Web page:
Posted On: June 27, 2009

Town May Prohibit Use of Land Solely for Access to Abutting Parcel

The Appellate Division held that a town could prohibit a proposed road over property zoned for commercial and single family use when the road was intended solely to serve a multi-family use on an abutting parcel. In Matter of BBJ Associates LLC v. Zoning Board of Appeals of the Town of Kent, the applicant proposed a multi-family development on a parcel in the adjoining Town of Carmel but with the sole access to the property over a highway through another parcel in the Town of Kent which is not zoned for multi-family use.

The petitioner argued "the "entranceway" or "access road" was not a principal use, an accessory use, or a "driveway;" rather, it was an "infrastructure improvement" pursuant to Town of Kent Zoning Code former § 77-6(F)." On the basis of that interpretation, the petitioner claimed that the zoning board should be reversed.

While the matter was pending the Town amended its zoning ordinance to specifically address this issue and argued that the court should apply the rule which requires that in making its decision a court must apply the law as it exists on the date of the court's decision. The petitioner argued that the so called "special facts exception" should apply and the law in effect at the time of the application should be applied. The court noted that the special facts exception "may be applied if the municipality unduly delayed proceedings and acted in bad faith." However, the court declined to reach that issue.

Instead, the court upheld the zoning board based upon its interpretation of the law in effect at the time the zoning board rendered its decision. The court noted the zoning board had determined the improvement at issue was an infrastructure improvement and that part of its decision was not challenged. In addition, the zoning board determined such an improvement was not a permitted use.

The court explained that generally "[u]se of land in one zoning district for an access road to another zoning district is prohibited where the road would provide access to uses that would themselves be barred if they had been located in the first zoning district" but "this principle would not apply to a public way. The general rule is that the use of a public way is not restricted by local zoning regulations." However, "in the instant case, since the proposed road is not a mapped street and was never approved by the Town of Kent Planning Board, it cannot be considered a public way. Therefore, the proposed road is subject to local zoning regulations."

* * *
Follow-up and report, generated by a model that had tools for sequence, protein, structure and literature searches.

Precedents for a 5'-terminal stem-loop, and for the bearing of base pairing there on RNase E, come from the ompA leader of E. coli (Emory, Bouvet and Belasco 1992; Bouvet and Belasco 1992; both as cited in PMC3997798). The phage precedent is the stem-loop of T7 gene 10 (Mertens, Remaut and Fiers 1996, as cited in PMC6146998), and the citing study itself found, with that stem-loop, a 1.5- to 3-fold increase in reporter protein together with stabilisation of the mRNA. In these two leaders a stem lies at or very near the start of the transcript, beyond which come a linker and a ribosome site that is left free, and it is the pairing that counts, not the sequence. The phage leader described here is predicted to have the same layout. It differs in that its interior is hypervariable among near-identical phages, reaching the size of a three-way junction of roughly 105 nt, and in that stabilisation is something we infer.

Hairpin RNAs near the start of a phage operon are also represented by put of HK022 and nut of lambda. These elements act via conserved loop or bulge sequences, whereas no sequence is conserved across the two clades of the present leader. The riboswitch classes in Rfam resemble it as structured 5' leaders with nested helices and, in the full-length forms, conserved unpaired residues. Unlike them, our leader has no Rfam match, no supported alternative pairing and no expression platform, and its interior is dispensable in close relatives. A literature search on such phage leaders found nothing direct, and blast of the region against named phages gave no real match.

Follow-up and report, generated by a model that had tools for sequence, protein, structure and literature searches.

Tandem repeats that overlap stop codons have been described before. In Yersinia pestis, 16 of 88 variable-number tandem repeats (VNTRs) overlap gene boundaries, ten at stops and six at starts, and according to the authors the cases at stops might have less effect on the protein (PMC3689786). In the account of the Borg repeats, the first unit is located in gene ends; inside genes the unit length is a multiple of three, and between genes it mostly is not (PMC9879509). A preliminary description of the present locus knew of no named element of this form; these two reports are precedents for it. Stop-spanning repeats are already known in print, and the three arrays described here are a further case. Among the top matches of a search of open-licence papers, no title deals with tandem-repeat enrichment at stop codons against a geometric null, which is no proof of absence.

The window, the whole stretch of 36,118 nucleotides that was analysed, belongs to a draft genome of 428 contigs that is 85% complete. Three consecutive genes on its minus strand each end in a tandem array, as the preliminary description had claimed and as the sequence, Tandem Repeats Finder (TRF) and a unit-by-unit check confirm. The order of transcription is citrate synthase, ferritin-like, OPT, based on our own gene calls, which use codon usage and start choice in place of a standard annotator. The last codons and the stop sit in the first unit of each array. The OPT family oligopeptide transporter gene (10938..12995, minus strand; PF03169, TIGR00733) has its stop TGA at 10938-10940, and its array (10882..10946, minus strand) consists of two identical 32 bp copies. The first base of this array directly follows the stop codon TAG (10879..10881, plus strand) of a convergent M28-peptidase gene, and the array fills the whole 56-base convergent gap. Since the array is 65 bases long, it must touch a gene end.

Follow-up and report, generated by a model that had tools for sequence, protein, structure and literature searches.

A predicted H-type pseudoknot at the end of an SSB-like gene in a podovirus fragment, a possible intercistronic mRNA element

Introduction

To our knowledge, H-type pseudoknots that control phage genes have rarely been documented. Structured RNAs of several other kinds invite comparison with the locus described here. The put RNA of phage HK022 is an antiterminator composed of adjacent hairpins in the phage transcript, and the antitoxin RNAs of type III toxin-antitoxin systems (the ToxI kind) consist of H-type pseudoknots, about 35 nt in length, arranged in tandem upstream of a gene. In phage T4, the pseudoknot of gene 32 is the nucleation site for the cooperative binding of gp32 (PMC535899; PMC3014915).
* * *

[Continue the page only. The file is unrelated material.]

The court therefore concluded the decision of the zoning board was not arbitrary.

Posted On: June 9, 2009

Rochester Curfew Law Unconstitutional

The New York Court of Appeals declared a law adopted by the City of Rochester fixing a curfew on minors unconstitutional. In Jiovon Anonymous v. City of Rochester the Court held "we conclude that the crime statistics produced by defendants do not support the objectives of Rochester's nocturnal curfew."

After engaging in an analysis of the different levels of scrutiny that may be utilized in evaluating such regulations, as well as appropriate limitations upon the rights of minors, as opposed to those of adults, the court concluded "minors are affected by crime during curfew hours but from the obvious disconnect between the crime statistics and the nighttime curfew, it seems that no effort . . . [was] made by the [City] to ensure that the population targeted by the ordinance represented that part of the population causing trouble or that was being victimized."

In addition to violating the rights of minors, the Court found the law violated the substantive due process rights of parents noting "an exception allowing for parental consent to the activities of minors during curfew hours is of paramount importance to the due process rights of parents." While the law allowed parents to permit their minor children to be out after curfew, it also required that the parent accompany the minor child.The Court stated that if "a parental consent exception were included in this curfew, it would be a closer case — courts have upheld curfews having, among other things, such an exception as only minimally intrusive upon the parent's due process rights". Yet, the Court found that parental consent which also requires parental custody is more of an intrusion upon parental rights than is permissible.